Nassis et al (1998). Effect of a carbohydrate-electrolyte drink on endurance capacity during prolonged intermittent high intensity running. Br J Sports Med 32(3):248-252.

Phillips et al. (2011). Carbohydrate ingestion during team games exercise: current knowledge and areas for future investigation. Sports Med 41(7):559-585.

Sunday, October 16, 2011

Speed, agility, quickness (SAQ) training method: what’s new?

Performance in football depends among others on the ability to react fast, take fast steps, be quick in the first 5 m, and make fast movements in changing directions. All this happens in an unpredictable way for a period of at least 90min. Thus football players need to undertake strength, power, balance, speed, agility and endurance training. This makes conditioning planning a complex process.

Today, I would like to comment only on the speed, agility, quickness training. This is the so called SAQ training method. Unfortunately, there are no many scientific studies on SAQ method in elite football players. One of them is that recently published by Jovanovic and colleagues (2011). In this study, high level junior players were divided into two groups: the control group that did regular training Monday to Friday and one game each Saturday and the experimental group. Players in this group supplemented their regular training with 3 SAQ training sessions a week (Monday, Wednesday and Thursday morning for 90-120min each).

After 8 weeks of SAQ training, players showed

  • 2,1% improvement in 5m time (Quickness)
  • 3,7% improvement in 10m run (acceleration) 
  • 1% improvement in counter-movement jump (power)
No improvement in these fitness parameters were seen in the control group.

1)     SAQ training is effective in improving fitness in high-level players.
2)     To improve these factors coaches should plan SAQ training at least 3 times per week for 90-120 min each session.
3)     The improvement with SAQ training seems to be due to adaptations taking place in the central nervous system and the muscle itself.

Wednesday, October 12, 2011

A soccer-specific neuromuscular training program to reduce injuries in young players

In a study published last year by Emery and Meeuwisse (2010) from the University of Calgary, Canada, the effect of a soccer-specific neuromuscular training on injury rate was examined in 13-18 years old players. 750 players were split in two groups: the neuromuscular training group and the control group. Players in the first group supplemented their regular training with a neuromuscular training program performed before training. Players in the control group did only regular training. The program was for 20 weeks.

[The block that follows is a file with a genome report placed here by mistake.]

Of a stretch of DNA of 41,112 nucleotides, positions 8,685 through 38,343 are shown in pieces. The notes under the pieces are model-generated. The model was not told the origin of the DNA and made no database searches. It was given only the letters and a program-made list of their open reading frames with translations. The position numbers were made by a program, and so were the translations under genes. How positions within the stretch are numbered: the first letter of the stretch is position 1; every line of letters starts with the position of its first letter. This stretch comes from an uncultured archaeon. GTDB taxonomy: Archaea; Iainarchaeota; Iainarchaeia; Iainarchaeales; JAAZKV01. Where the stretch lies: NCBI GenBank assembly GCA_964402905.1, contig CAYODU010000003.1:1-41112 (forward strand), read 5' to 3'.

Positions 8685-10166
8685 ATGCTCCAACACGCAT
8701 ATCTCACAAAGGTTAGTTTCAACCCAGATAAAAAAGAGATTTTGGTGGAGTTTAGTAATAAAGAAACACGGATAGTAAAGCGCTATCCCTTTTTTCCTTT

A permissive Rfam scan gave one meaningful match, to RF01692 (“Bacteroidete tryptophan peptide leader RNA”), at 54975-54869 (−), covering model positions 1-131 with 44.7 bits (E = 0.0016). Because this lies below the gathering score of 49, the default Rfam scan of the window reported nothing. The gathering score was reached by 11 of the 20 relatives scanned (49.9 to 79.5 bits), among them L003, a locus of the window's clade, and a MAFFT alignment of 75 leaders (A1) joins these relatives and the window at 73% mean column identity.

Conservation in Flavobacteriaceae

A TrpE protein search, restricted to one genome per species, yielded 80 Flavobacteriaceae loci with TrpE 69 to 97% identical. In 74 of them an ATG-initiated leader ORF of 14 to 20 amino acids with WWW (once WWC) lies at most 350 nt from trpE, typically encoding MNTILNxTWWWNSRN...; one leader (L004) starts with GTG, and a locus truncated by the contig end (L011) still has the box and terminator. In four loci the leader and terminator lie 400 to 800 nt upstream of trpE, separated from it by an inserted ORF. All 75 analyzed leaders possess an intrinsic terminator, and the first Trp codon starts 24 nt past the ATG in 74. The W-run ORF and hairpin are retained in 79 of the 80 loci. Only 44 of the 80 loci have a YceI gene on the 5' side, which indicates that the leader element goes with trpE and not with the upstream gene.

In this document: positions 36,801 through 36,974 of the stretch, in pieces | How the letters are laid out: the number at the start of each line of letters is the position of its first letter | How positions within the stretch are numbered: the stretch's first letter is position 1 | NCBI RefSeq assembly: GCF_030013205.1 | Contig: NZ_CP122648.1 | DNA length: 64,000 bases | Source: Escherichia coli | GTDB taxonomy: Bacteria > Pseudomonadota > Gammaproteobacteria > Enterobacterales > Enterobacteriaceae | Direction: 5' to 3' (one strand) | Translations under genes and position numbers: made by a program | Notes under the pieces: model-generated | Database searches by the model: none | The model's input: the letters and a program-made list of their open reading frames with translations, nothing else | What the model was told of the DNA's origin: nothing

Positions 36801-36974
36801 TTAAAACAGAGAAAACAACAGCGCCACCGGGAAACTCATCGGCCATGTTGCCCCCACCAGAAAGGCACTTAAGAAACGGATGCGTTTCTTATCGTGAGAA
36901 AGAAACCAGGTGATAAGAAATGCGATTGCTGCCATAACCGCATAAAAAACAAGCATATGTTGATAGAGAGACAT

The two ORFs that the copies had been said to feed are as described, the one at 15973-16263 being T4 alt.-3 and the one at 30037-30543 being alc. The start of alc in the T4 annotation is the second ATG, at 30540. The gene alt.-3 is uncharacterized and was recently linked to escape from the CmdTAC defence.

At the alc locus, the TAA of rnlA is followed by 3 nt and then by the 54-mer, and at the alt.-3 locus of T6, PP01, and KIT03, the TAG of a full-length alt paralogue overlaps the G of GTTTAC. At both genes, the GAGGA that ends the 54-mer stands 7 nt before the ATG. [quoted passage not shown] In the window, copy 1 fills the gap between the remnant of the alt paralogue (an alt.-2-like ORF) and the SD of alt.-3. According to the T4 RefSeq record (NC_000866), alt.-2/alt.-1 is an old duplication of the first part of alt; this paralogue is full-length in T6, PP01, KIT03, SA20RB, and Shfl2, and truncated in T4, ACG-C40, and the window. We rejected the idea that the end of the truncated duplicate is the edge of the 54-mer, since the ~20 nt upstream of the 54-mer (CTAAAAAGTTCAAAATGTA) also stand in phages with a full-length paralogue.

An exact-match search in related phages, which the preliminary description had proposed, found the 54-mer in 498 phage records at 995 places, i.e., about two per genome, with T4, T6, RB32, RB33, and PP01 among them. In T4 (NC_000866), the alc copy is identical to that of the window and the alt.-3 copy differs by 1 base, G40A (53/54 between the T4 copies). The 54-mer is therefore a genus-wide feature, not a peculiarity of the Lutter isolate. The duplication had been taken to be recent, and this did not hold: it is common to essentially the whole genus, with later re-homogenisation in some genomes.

Neuromuscular training included:
-15min warm up
-10min of neuromuscular training with body weight
-15min of balance training using a wobble board

Some of the exercises are presented in figures 1-4 below (pictures are from Emery and Meeuwisse, 2010, Br J Sport Med).

Main findings
-Injury rate was almost half in the neuromuscular training group compared with the control group. In particular, the overall injury rate in the neuromuscular training group was 2.08 injuries/1000 player-hours and 3.35 injuries/1000 player-hours in the control group.

-Rates of ankle and knee sprains were lower in the neuromuscular training group compared with the control group.

It seems that this neuromuscular training program reduces the risk of ankle and knee sprain injuries in youth players.

Cristiano Ronaldo tested for skills

Monday, October 10, 2011

Cristiano Ronaldo tested for mental ability

Be at the right place at the right moment to make the right action

So far, I have written a lot on the physiological aspects of modern football. Today I would like to deal with some key tactical aspects and support my words with scientific evidence.

At the elite level, it seems that differences between players during the game are more related to tactics, motivation and specific technical skills. Tactical skills refer to the quality of the player to adopt the right action at the right moment.